[F. G. Stephens]. "Fine-Art Gossip." Athenæum no. 3065 (July 24, 1886), p. 122, states that the picture of Portia in the costume of "an Italian advocate" is "not quite finished," and that it is "probably destined for next year's Academy".
[F. G. Stephens]. "Minor Exhibitions." Athenæum no. 3080 (November 6, 1886), p. 606, reviewing the McLean's exhibition, states that Millais's "figure [of Portia] is mainly studied from Miss Mary Anderson" and observes that "she does not look in the least like a Daniel come to judgment".
Ellen Terry. Letter to Sir John Millais. March 30, 1886, writes "Of course I will lend you the dress [presumably the dress worn in the picture, see Ref. Oakley 1981, pp. 183–84, fig. 2] (here it is.) or anything in the world that I possess, that could be of the very smallest service to you".
M. H. Spielmann. Millais and His Works. Edinburgh, 1898, p. 176, no. 283.
John Guille Millais. The Life and Letters of Sir John Everett Millais. New York, 1899, vol. 2, pp. 192, 483, discusses the selection of "Miss Dolan, a favourite model of Lord Leighton's" as the model for the painting of a Shakespearean heroine; reproduces (opposite p. 192) a three-quarter-length 1886 oil sketch in which the model's pose is nearly identical to that in this picture but in which she wears a Greek dress, and (following p. 196) an 1886 bust of the same model, called Portia, and wearing the high-collared robe.
Ronald Sutherland Gower. Old Diaries, 1881–1901. New York, 1902, p. 48, writes that he saw in Millais's studio on August 2, 1886, "a 'Portia,' in Ellen Terry's red dress in that part, but not a portrait of that actress".
[Roger Fry]. "The Grafton Gallery." Athenæum no. 4048 (May 27, 1905), p. 664, reviewing the exhibition of the Forbes estate at the Grafton Gallery, observes that Portia shows "lamentable" proof "of the destructive effects of popularity".
Ellen Terry. "My First Appearance in America." McClure's Magazine 31 (June 1908), ill. p. 128, as "Ellen Terry as Portia".
Bryson Burroughs. Catalogue of Paintings. 1st ed. New York, 1914, p. 183, no. M61–1, as Ellen Terry in the part of the heroine of Shakespeare's "Merchant of Venice".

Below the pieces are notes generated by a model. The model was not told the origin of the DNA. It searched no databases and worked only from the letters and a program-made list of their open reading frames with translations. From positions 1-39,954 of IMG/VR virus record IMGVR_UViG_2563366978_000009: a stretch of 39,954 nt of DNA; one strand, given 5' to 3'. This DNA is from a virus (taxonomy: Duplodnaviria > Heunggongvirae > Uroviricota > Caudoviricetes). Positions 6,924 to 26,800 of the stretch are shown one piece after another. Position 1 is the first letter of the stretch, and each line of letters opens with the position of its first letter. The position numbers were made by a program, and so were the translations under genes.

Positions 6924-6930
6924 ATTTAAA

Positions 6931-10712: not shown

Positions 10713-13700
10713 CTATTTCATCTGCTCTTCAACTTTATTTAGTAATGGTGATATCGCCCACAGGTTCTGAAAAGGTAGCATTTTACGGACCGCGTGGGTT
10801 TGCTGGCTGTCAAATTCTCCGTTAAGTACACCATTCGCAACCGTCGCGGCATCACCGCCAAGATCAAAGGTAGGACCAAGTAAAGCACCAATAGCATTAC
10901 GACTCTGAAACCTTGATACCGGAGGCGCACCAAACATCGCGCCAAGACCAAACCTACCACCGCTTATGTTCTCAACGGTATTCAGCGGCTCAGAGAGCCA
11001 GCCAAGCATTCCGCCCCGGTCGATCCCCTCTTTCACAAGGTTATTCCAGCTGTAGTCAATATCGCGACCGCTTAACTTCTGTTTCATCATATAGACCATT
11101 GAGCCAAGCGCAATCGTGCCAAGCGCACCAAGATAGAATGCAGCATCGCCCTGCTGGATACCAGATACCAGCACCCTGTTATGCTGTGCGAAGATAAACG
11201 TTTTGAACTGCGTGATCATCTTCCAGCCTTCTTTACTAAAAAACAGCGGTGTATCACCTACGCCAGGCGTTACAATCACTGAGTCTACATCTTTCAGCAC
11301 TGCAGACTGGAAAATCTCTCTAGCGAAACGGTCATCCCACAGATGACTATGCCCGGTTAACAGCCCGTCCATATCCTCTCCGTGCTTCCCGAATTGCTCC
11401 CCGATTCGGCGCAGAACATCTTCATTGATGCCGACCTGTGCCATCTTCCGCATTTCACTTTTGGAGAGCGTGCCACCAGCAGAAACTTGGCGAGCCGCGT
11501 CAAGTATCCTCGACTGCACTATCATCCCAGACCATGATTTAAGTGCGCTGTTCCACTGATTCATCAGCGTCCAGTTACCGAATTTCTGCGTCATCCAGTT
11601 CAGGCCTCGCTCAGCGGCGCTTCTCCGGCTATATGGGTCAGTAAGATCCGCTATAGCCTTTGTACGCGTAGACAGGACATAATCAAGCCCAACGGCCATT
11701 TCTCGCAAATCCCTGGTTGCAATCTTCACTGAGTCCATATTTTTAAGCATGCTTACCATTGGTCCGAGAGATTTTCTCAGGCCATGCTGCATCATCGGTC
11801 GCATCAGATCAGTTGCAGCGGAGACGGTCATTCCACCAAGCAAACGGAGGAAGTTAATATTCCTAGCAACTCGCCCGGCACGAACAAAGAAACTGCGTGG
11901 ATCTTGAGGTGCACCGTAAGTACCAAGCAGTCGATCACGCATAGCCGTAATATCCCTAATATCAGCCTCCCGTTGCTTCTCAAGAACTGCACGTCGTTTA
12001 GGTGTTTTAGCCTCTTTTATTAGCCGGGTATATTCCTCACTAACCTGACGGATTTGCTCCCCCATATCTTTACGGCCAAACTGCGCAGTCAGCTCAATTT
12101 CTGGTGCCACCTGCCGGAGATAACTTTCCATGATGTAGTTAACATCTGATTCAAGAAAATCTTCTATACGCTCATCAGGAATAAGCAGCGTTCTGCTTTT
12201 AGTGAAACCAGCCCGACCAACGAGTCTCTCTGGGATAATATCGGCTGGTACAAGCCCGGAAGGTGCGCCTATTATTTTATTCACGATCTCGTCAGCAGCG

Augustin Rischgitz. Letter. April 24, 1916, informs the Museum that his aunt, Ellen Terry, lent Millais her dress but is not represented in the picture.
Ralph H. Graves. Letter to Winifred Howe. December 6, 1927, informs the Museum that Millais's son, writing for the family, asserts that the sitter is a Miss Donovan.
Mabel Terry Lewis. Letter to the director. January 16, 1927, writes that her aunt, Ellen Terry, lent Millais the dress she wore in the "Merchant of Venice" but that the model was one of his daughters.
Art News 43 (March 1–14, 1944), ill. p. 11.
Richard Ormond. Letter to Monroe H. Fabian. January 8, 1971, believes that the sitter was one of Millais's daughters, a model, or the actress Mary Anderson, but in any event not Ellen Terry.
Malcolm Warner. Letter to Lucy Oakley. June 27, 1977, notes that none of Millais's daughters looked remotely like Portia; suggests that x-rays might reveal the studies Millais's son published in 1899 [see Ref.].
Lucy Oakley. "The Evolution of Sir John Everett Millais's Portia." Metropolitan Museum Journal 16 (1981), pp. 181–94, fig. 1, traces the history of the picture from its conception in 1885 as a woman in a Greek dress, probably inspired by the American actress Mary Anderson, to a Shakespearean subject in which the model, presumably Miss Dolan, wears one of Ellen Terry's Portia costumes from the "Merchant of Venice".
Carolyn Merlo. "John Everett Millais and the Shakespearean Scene." Gazette des beaux-arts 104 (September 1984), pp. 82–85 nn. 13, 14, fig. 3.
John Pope-Hennessy. "Roger Fry and The Metropolitan Museum of Art." Oxford, China, and Italy: Writings in Honour of Sir Harold Acton on his Eightieth Birthday. London, 1984, p. 235.
Katharine Baetjer. British Paintings in The Metropolitan Museum of Art, 1575–1875. New York, 2009, pp. 280–83, no. 134, ill. (color).